Physicist, cosmologist and obsessor of black holes Stephen Hawking turns 70 Sunday, despite a diagnosis of Lou Gehrig’s disease that doctors said would kill him almost five decades ago. Many scientists are taking the birthday as a chance to reflect on what the man taught us in his brilliant career.
As a professor of mathematics at the University of Cambridge, Hawking taught countless students about cosmology, gravitation and complex mathematics. As the author of “A Brief History of Time,” he instructed readers on the Big Bang, black holes and other mysteries of the universe. And despite losing his ability to speak, he continues to teach disbelieving doctors that people can live past their life expectancy if they try.
Below, six other lessons Hawking has taught us in his 70 years:
1. We will never have all the answers.
At the end of a lecture in the Royal Albert Hall in Kensington, England, in 2010, Hawking was asked: “Do you think it will come the time that people will learn everything about physics?” The scientist quickly responded: “I hope not!” And when a reader of Time magazine that same year asked him whether it felt like a huge responsibility to have all the answers, Hawking wrote back: “While physics and mathematics may tell us how the universe began, they are not much use in predicting human behavior because there are far too many equations to solve. I'm no better than anyone else at understanding what makes people tick.”
2. Knowledge is best put to use when shared.
Despite its difficult subject matter, Hawking’s “A Brief History of Time” has been read by legions of people because the physicist made it so accessible. A popular story goes that Hawking’s publisher told him readership would be cut in half for every equation in the book, so Hawking included only one: E = mc².
“The fact is that information in his mind would be useless to anyone else if he wasn’t able, somehow, to communicate it effectively,” Science blogger Mic Farris writes.
3. Learn the lessons of history.
Hawking fielded questions from the BBC this week on what might happen if humans discover other intelligent life. Hawking’s response: Know your history. “The discovery of intelligent life elsewhere in the universe would be the biggest scientific discovery ever,” he said. “But it would be very risky to attempt to communicate with an alien civilization. If aliens decided to visit us then the outcome might be similar to when Europeans arrived in the Americas. That did not turn out well for the Native Americans.”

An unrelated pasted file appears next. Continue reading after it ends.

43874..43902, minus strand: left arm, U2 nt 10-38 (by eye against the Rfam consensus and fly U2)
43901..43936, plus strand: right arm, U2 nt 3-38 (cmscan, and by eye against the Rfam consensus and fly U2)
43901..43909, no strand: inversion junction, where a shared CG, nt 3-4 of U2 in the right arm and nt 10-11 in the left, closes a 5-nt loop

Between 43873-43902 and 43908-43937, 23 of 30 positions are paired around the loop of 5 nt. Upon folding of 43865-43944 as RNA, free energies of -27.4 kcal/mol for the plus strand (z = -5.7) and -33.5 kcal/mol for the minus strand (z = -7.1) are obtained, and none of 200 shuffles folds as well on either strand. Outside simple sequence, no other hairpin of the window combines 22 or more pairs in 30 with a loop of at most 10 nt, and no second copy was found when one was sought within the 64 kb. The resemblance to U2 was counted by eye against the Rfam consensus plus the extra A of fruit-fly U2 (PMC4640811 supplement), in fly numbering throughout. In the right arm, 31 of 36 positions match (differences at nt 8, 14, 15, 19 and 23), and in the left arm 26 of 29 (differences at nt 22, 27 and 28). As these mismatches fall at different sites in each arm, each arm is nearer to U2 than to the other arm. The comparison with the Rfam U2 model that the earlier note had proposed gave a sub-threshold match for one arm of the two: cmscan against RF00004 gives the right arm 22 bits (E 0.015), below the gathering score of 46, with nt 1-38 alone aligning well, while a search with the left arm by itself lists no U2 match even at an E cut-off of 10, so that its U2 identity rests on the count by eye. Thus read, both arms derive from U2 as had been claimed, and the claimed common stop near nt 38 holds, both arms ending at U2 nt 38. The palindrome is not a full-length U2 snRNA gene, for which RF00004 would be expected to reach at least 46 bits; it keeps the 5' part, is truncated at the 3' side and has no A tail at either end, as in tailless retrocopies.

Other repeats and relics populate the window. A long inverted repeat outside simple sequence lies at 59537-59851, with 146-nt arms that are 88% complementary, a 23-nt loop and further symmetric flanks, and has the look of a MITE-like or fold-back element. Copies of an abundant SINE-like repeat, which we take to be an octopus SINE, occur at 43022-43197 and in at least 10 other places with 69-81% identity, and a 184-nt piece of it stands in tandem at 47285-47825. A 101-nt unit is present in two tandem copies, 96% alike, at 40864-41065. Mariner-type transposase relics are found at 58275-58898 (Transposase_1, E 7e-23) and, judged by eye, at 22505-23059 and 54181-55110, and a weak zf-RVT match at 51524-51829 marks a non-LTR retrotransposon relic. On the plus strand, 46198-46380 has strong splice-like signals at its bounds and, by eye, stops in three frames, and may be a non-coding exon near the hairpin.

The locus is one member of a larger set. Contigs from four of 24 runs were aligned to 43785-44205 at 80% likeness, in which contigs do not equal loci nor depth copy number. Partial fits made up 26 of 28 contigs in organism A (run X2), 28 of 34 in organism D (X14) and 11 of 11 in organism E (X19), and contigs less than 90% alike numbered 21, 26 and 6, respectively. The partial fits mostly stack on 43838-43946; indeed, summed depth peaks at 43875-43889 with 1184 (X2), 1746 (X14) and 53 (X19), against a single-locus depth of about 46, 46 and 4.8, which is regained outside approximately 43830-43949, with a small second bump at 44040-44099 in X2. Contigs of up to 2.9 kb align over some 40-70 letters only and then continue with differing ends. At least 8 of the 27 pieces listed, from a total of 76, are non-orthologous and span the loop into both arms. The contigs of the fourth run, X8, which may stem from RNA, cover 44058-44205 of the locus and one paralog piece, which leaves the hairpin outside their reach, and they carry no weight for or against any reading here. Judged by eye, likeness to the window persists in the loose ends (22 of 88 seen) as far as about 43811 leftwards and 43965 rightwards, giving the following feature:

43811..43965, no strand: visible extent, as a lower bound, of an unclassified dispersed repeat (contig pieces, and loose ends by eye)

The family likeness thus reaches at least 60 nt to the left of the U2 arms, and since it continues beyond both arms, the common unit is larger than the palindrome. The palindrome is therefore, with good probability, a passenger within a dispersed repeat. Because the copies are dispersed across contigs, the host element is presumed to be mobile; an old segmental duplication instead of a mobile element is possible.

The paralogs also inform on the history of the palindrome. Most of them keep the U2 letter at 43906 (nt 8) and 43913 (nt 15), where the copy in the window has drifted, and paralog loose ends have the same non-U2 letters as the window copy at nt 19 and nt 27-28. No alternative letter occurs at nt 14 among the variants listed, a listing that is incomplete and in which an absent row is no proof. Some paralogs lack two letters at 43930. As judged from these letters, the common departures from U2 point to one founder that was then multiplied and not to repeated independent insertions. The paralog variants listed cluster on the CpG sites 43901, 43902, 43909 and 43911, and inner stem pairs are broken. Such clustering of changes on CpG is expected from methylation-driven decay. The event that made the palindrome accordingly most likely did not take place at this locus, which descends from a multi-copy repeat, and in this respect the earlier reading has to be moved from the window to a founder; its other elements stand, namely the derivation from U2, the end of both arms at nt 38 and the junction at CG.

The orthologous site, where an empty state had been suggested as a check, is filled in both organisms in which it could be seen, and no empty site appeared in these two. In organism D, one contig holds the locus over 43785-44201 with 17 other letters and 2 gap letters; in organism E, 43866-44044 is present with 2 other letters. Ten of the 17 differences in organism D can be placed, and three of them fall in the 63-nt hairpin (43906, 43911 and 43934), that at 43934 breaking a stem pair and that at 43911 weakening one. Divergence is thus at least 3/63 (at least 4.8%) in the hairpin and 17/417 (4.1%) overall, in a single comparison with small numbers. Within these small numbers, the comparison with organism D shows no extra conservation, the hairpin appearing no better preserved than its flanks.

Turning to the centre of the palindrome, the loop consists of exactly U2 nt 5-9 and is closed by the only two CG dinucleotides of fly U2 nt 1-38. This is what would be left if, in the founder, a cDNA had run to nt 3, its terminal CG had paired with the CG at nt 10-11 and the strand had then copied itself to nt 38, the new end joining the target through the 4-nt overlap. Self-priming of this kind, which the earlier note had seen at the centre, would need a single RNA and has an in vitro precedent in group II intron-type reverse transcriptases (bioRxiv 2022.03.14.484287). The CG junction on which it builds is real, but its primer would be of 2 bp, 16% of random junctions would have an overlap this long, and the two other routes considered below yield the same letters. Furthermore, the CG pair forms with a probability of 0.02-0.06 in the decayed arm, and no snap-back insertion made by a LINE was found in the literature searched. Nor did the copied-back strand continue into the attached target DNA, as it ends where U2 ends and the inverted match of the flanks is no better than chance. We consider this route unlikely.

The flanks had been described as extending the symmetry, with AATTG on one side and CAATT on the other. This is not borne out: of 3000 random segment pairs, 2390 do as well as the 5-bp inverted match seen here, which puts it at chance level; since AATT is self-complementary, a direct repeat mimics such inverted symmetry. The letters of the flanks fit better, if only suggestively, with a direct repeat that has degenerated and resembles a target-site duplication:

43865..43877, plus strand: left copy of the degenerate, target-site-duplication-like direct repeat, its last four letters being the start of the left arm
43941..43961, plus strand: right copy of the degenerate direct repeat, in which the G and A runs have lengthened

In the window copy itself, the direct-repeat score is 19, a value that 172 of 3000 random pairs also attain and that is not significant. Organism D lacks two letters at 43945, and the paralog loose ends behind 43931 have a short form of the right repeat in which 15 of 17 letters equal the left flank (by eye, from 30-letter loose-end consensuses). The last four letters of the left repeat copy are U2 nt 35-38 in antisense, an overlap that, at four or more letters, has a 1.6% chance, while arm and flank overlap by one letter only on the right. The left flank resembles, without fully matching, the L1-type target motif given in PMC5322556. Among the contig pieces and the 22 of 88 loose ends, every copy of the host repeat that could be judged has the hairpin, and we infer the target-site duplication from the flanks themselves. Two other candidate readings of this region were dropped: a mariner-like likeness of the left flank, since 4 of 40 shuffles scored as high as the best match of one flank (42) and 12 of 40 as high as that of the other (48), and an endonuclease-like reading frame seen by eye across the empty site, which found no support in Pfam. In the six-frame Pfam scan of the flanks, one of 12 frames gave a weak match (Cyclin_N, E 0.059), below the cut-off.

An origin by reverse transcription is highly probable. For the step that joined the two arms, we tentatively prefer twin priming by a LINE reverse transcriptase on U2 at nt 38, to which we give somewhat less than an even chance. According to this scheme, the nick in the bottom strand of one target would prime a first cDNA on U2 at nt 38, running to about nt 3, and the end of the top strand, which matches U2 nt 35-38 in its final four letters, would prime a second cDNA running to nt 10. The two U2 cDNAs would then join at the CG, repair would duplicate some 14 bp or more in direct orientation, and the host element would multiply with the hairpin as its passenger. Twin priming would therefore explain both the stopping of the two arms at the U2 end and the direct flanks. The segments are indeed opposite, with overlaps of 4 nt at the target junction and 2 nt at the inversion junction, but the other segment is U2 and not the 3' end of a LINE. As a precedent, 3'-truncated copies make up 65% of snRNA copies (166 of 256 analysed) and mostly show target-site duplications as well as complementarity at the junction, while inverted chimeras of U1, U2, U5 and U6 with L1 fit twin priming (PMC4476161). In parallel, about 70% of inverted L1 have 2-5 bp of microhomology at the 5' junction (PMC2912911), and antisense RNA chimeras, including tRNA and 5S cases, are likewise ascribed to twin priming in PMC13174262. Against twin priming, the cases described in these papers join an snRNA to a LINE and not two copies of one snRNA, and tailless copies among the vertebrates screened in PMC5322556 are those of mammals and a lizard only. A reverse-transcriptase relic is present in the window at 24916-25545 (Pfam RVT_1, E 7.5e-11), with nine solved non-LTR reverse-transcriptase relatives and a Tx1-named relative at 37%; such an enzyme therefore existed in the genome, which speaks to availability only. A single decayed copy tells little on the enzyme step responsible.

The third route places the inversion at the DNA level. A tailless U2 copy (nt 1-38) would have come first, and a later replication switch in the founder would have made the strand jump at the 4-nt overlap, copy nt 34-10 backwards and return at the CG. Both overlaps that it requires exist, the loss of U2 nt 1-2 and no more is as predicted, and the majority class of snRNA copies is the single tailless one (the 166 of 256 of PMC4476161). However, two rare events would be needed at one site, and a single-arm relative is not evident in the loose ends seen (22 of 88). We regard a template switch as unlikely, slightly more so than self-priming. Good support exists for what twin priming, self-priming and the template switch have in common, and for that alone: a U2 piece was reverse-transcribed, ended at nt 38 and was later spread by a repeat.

5. Study what fuels your passion.
When the Washington Post interviewed Errol Morris, director of the film adaptation of “A Brief History of Time,” in 1992, Morris explained why he believed Hawking was so fascinated with the study of black holes: “To me, it's like some real-life Edgar Allan Poe story, a version of the premature burial — being essentially buried alive inside of one's self. . . . When he was 21 years old, he was given a death sentence with 2 1 / 2 years to live, and in the nearly 30 years since then, he has become increasingly incapacitated. And what is the central objective of his inquiries? Black holes. Stars that collapse in on themselves, implode, become so incredibly dense that nothing can escape their gravitation field . . . To me, there’s a very close metaphorical connection.”
5. Never lose your voice.
Because of his motor neuron disease, Hawking had to undergo a tracheotomy in 1985 that removed his ability to speak on his own. But he never stopped talking. Like movie critic Roger Ebert or the protagonist of “The Diving Bell and the Butterfly,” Hawking adopted his own way of speaking — by using a computer that picks up the twitching movements of his right cheek.
6. Genius shouldn’t always be associated with precocity.
Hawking admitted in the same Royal Albert Hall lecture that he did not learn to read until he was 8 years old. He also said he was a lazy student at Oxford University, his classwork untidy and his handwriting the “despair of my teachers.” Late bloomers, take heart.